Colored Pencil, KS Art, New York, NY (curated by Geoffrey Young)
The Thought That Counts, Sister, Los Angeles, CA (curated by Jason Meadows)
54th Carnegie International 2004-05, Carnegie Museum of Art, Pittsburgh, PA

2003
Blum & Poe, Los Angeles, CA
Conversations, Museum of Contemporary Art, Los Angeles, CA
Pink, Gallery Min Min, Tokyo, Japan

2002
The Stray Show, Boom, Chicago, IL
Play it as it Lays, London Institute, London, UK (curated by Paul McDevitt and Declan Clark)
L.A. On My Mind: Recent Acquisitions from MOCA's Collection, Museum of Contemporary Art, Los
Angeles, CA

2001
Jennifer Bornstein, Mark Grotjahn, Dave Muller, Florian Maier-Aichen, Blum & Poe, Santa Monica,CA
Sharing Sunsets, Museum of Contemporary Art, Tucson, AZ (curated by Julie Deamer)
Out of Bounds: Working off Paper, Harriet & Charles Luckman Fine Arts Complex, California State
University, Los Angeles, CA
Superman in Bed: Kunst der Gegenwart und Fotografie Sammlung Schürmann, Museum am
Ostwall, Dortmund, Germany
David Brody, Mark Grotjahn, Wade Guyton, Siobhan Liddell, Gorney Bravin + Lee, New York, NY

2000
H20, Works on Paper, Los Angeles, CA
'00, Barbara Gladstone Gallery, New York, NY
Drawings From Los Angeles, Studio Guenzani, Milan, Italy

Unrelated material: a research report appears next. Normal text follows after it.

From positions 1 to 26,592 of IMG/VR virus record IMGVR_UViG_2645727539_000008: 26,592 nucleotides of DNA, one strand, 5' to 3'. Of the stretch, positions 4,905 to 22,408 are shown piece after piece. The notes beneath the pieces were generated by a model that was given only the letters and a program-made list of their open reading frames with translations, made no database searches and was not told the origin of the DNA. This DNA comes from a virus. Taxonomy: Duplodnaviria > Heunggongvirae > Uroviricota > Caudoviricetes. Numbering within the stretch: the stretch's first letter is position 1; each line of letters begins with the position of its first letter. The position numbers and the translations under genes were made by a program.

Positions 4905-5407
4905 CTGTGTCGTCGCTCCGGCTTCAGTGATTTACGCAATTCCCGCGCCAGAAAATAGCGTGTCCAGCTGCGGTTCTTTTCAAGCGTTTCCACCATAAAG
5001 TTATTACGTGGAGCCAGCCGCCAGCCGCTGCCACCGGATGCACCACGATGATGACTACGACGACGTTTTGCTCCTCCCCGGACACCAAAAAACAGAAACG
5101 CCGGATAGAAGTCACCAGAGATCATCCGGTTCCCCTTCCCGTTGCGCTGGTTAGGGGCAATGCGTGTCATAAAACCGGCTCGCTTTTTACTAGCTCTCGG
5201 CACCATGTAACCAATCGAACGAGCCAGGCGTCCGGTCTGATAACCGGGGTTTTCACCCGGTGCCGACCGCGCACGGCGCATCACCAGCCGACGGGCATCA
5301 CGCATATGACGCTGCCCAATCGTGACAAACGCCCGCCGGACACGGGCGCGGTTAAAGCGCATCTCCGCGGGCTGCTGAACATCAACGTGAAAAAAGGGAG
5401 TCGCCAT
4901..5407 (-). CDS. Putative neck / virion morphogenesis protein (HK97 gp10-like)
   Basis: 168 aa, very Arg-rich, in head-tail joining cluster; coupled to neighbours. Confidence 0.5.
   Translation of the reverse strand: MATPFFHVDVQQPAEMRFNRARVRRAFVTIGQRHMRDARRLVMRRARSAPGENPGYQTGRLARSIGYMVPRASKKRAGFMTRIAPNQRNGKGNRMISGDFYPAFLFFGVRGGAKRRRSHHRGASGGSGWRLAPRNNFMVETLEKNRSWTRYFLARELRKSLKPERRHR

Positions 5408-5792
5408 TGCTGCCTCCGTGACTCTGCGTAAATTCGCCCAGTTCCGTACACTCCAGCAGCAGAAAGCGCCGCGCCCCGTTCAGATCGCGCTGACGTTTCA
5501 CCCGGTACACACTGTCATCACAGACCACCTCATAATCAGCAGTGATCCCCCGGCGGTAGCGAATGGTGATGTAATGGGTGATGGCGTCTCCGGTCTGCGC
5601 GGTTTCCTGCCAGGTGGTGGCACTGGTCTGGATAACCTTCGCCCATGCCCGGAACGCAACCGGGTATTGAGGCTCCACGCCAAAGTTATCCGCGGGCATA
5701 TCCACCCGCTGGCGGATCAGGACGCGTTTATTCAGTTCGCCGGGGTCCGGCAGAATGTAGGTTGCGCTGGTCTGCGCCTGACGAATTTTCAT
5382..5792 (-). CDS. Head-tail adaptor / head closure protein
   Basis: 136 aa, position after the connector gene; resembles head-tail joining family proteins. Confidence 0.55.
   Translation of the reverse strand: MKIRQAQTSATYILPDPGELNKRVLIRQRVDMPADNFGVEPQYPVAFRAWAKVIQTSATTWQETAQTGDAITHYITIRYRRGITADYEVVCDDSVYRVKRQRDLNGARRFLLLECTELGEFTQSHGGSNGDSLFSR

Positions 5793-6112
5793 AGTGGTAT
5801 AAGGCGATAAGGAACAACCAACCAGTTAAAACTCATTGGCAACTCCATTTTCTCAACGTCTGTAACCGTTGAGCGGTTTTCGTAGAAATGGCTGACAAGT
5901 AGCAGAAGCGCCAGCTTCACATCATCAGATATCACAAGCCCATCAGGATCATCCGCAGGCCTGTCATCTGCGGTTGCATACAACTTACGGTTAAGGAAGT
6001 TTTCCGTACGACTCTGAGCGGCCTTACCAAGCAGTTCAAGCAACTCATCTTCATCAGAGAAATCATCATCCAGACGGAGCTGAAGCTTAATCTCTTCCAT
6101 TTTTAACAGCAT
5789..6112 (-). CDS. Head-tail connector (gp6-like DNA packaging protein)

Young and Dumb, Acme, Los Angeles, CA (curated by Pentti Monkkonen)

1999
After the Gold Rush, Thread Waxing Space, New York, NY (curated by Lia Gangitano and Joseph Wolin)

1998
Entropy at Home, Neuer Aachener Kunstverein, Aachen, Germany
Winter Selections 1998, Drawing Center, New York, NY
Works on Paper, Derek Eller Gallery, New York, NY
Elias Fine Art Gallery, Boston, MA

1997
Brent Petersen, Mark Grotjahn, Paul Sietsema, Gallery 16, San Francisco, CA
Helmut Federle, Günter Umberg, Mark Grotjahn, Ingo Müller, Anthony Meier Fine Arts, San Francisco, CA

1996
Backroads (with Doug McConnell), Four Walls, San Francisco, CA

1995
Access, Southern Exposure, San Francisco, CA
Skowhegan Drive-in, collaboration with Doug Corson, Mark Grotjahn, and Mel Chin, Skowhegan
School of Painting and Sculpture, Skowhegan, ME